PA Governor Signs Bill Authorizing Temporary Truce Between Uber & Philadelphia

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Not even 24 hours after a Philadelphia judge repeated her previous stance that the UberX car service is operating illegally in the city, the governor of Pennsylvania signed into a law a bill that authorizes a 90-day truce between Uber and the city’s Parking Authority.

The Philadelphia Parking Authority, which regulates taxis and limousine services within city limits, has long held that UberX — the most frequently used service offered by Uber — is an illegal taxi service. The company’s Uber Black service is allowed in Philly, as drivers for that platform are licensed through the PPA.

However, during the recent July Fourth weekend, Philadelphia’s SEPTA regional rail line was dealt a huge blow when it had to take more than 100 rail cars offline over potentially dangerous defects. That would be problematic enough, if it didn’t also coincide with the Democratic National Convention, which will descend upon Philadelphia later this month.

Last week, the PPA and Uber announced a tentative truce — lasting through Sept. 30 — during which time the city would not take action against UberX drivers.

The Fair Ride Philly Coalition — a group comprised of advocates for disabled riders, taxi drivers, and even Uber Black drivers — petitioned the court earlier this week, raising concerns about the legality of UberX, the fairness of the licensing process, and the alleged lack of vehicles equipped to carry passengers with special accessibility needs.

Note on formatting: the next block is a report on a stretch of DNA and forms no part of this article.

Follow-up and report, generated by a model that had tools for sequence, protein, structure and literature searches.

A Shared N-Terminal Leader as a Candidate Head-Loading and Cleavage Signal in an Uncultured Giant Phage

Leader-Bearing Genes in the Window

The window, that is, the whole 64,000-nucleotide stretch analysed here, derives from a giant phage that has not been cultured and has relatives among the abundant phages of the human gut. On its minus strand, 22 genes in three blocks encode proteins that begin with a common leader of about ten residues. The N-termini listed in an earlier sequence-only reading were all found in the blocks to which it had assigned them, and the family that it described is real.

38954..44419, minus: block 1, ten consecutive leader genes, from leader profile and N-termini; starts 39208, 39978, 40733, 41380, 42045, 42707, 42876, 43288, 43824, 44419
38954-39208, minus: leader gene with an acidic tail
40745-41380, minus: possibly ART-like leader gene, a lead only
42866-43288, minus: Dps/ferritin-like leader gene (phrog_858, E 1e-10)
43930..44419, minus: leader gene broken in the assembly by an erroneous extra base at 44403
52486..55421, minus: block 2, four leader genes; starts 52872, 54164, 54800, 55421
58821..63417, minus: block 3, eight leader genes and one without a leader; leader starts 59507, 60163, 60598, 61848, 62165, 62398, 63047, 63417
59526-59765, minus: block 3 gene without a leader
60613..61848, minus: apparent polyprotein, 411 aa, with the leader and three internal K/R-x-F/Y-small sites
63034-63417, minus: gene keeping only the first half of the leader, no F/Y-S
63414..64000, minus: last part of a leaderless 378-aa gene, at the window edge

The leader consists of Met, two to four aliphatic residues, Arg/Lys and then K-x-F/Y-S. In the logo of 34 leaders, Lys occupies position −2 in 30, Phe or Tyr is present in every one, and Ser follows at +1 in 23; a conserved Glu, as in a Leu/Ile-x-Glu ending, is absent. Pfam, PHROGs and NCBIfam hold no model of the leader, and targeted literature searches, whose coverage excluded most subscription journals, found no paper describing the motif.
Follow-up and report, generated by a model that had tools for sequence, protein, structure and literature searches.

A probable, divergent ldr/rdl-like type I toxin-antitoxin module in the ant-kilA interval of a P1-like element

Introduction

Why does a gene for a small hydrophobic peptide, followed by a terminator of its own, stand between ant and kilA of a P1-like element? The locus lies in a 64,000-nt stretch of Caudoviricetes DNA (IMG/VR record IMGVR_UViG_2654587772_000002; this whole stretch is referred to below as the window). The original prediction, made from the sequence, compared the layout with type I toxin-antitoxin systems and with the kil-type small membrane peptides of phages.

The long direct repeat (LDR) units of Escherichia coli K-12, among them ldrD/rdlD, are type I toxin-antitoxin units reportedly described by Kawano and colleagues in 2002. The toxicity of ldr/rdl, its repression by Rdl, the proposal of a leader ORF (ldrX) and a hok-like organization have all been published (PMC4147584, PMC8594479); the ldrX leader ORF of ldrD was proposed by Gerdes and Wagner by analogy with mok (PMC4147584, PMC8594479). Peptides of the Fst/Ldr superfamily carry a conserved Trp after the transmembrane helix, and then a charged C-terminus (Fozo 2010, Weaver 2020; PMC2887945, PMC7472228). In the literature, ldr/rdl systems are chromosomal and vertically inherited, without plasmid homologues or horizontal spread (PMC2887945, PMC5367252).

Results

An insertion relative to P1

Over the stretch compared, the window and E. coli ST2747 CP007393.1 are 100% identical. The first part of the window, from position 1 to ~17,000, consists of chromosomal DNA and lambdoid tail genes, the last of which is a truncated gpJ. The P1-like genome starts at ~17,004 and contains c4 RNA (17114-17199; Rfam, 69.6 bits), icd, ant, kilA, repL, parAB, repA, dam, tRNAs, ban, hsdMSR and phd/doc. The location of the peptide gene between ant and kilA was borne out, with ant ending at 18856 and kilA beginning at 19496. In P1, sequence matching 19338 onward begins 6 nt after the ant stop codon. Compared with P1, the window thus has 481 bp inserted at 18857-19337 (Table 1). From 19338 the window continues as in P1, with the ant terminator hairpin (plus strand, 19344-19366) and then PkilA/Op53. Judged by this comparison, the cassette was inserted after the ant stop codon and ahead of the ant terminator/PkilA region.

On Tuesday evening, the judge issued a one-page order stating her position that the deal between Uber and the PPA did not change her previously expressed opinion that UberX is an illegal taxi service.

However, the legality of the Uber/PPA deal may be a moot question after Gov. Tom Wolfe signed a bill late Wednesday evening that officially authorizes the arrangement.

On page 41 of the 107-page HB 1605 [PDF], allows the PPA (and other certain city parking authorities) to adopt “reasonable temporary regulations relating to” transportation network companies like Uber.

The law explicitly bars drivers for UberX and similar services from making pre-arranged passenger pick-ups at airports, designated taxi stands, and hotels with “organized” lines of taxis outside.

If drivers make repeated violations of these rules, the PPA could move to disqualify that driver from continuing to pick up passengers for their respective service platform.

So what’s in it for the PPA?

The Authority will, per the law, receive 1% of gross receipts from all fares originating within the city limits. Two-thirds of that money paid to the PPA will go to the city’s school district, with the remaining third remitted to the PPA.

All of the above only applies until Sept. 30, but could be extended or altered if the state legislature passes a bill addressing the issue for the long term.

Obviously, Uber is fine/dandy with today’s news.

“We thank the leadership of the General Assembly for taking action to support ridesharing in Philadelphia,” reads a statement from Uber. “The legislation passed today will help ease transportation challenges in Philadelphia this summer, including during the DNC. We look forward to the passage of permanent ridesharing legislation in the fall which will bring these benefits to all Pennsylvanians.”

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